We watched another Black man get murdered at the hands of the police. George Floyd told the officer who had his knee on his neck “I can’t breathe.” Fellow civilians on the street demanded that the cop, Derek Chauvin, take his knee off. Three officers along with people on the street watched Floyd take his last breath. They watched him be murdered with no remorse. They watched him as he laid on the floor continuously saying, “I can’t breathe.” The death of Floyd sparked protests in all 50 states of the United States and other countries, with millions of people taking to the streets for the Black Lives Matter movement and an end to the police. The police have been a violent force threatening Black lives for decades. Therefore, the people have decided that the only solution is to defund the police and redistribute those funds to community based organizations.
Unfortunately, Floyd was not the first Black sibling we’ve lost at the hands of violent, racist police. In California alone, over 600 people have been killed by cops in 6 years. People are outraged and have had enough of the police not being held accountable for their misconduct and murders. People have not seen any real change within the police system since it was founded.
The issue of policing runs deep within our racist system since police forces in this country were initially conceived as slave patrols. Due to the racist roots of the police institution, there is a never ending pattern of racist cops joining the force, not being held accountable for their actions and shirking the responsibility of being held at a higher standard because of their duties.
Millions have been spent on reform, with little to no change. As American political activist Angela Davis would say, we must grasp this issue at the root. Police unions and contracts have been protecting cops from crimes they’ve committed. In many states, unions allow cops to take up to 24 hours to write a statement and allow them to view any evidence that may be used against them when they’re under investigation for any misconduct. This can allow cops to easily fabricate their stories within the time given. Such privilege should not be given to any law enforcement personnel who has committed any kind of misconduct. It is important to remember that this applies in murder cases as well.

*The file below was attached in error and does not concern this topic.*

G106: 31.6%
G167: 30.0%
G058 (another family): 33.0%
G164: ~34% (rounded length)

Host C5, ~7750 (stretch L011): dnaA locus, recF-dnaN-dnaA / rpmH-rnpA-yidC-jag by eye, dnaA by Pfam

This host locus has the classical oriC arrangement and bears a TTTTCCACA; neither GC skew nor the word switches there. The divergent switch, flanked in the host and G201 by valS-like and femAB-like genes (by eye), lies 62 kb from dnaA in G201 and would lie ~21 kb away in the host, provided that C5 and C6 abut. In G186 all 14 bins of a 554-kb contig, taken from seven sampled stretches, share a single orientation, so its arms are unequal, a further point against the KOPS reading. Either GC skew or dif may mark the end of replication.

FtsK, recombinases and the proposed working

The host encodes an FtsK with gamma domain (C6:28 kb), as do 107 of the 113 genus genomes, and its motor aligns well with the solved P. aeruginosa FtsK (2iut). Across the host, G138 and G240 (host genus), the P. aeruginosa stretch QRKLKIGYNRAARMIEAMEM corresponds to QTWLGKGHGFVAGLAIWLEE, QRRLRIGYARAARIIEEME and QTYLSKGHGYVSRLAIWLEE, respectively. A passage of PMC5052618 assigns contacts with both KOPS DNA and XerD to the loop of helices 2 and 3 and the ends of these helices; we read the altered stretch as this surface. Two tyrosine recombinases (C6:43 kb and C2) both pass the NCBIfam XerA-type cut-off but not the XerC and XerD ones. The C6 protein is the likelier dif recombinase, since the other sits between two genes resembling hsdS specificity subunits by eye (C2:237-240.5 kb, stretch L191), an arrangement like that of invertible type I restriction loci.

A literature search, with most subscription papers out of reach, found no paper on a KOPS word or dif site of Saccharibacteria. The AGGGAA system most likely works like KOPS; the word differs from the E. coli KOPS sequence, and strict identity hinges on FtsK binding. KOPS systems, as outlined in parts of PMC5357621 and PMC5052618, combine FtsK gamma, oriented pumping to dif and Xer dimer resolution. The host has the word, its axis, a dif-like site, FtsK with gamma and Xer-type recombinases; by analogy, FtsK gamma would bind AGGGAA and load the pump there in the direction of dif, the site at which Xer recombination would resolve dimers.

It is almost impossible to sue a cop for murder. But on the slim chance a lawsuit succeeds, it is improbable that the cop will actually be convicted. Of the 7,666 times that police officers killed people in the U.S. between 2013 and 2019, only 25 cases (0.3%) resulted in a conviction. 74 cases (1%) resulted in a charge but no conviction. Looking at those statistics should make you angry. Furthermore, it should make you want to support the protests, rather than criticize them, as the anger of protestors is warranted. The murder of Black folks at the hands of the police is genocide. It is a genocide with no accountability.
As non-Black people, we have privileges under a police-run state. We must use that privilege to continue to be allies to the Black community and not only when a tragedy occurs. Being an ally includes addressing anti-Blackness within your own community and institutions. We must stand by and amplify Black voices everyday. We must stand for justice until every form of racism is dismantled and served for the Black community.
In hopes of helping non-black visualize and understand black struggle, below is a poem titled ______ written by Deenie Al-Amin, a 17-year-old Black man residing in San Diego. Remember to be mindful, support and check in on Black people in your communities.
Black men in America haven’t had much luck yet, Hoodie and some nikes on, And somehow I’m a suspect, It’s crazy how they systematically oppress us because of our skin tone, They teachyoung black children that theirs skins wrong, And the urge for freedom and equal rights have been long,
Now imagine what black people have to struggle with day to day And I’m lucky to still be okay But I can’t say that for George Floyd or Breonna Taylor They got their life taken away And for what? Being black? And some y’all okay with that Constantly racist people killing black men But they say they’re not racist Calling the cops on us for walking in the park But they say they’re not racist They see the death of my brothers and sisters And don’t say nothing but…I’m not racist This has been occurring for too long I’m starting to think It’s a broken record The way it keeps going on and on
Now let my story be evidence for you That the struggle of black people is evidently true Some of y’all don’t know the definition of racism, But before this neither did I, But a cop saw me as a suspect when I did nothing wrong But I’m just an innocent kid, he’s the one with the firearm, but that’s not really important, what is, is the physical abuse, and torment, y’all say life’s tough, imagine being kicked and spit on while being in handcuffs, being ripped of your bravery and your words, being kicked to the curb,
And being treated a way that a black kid doesn’t deserve
Kholood (Lulu) Alshami is a Contributing Writer. She can be reached at firstname.lastname@example.org.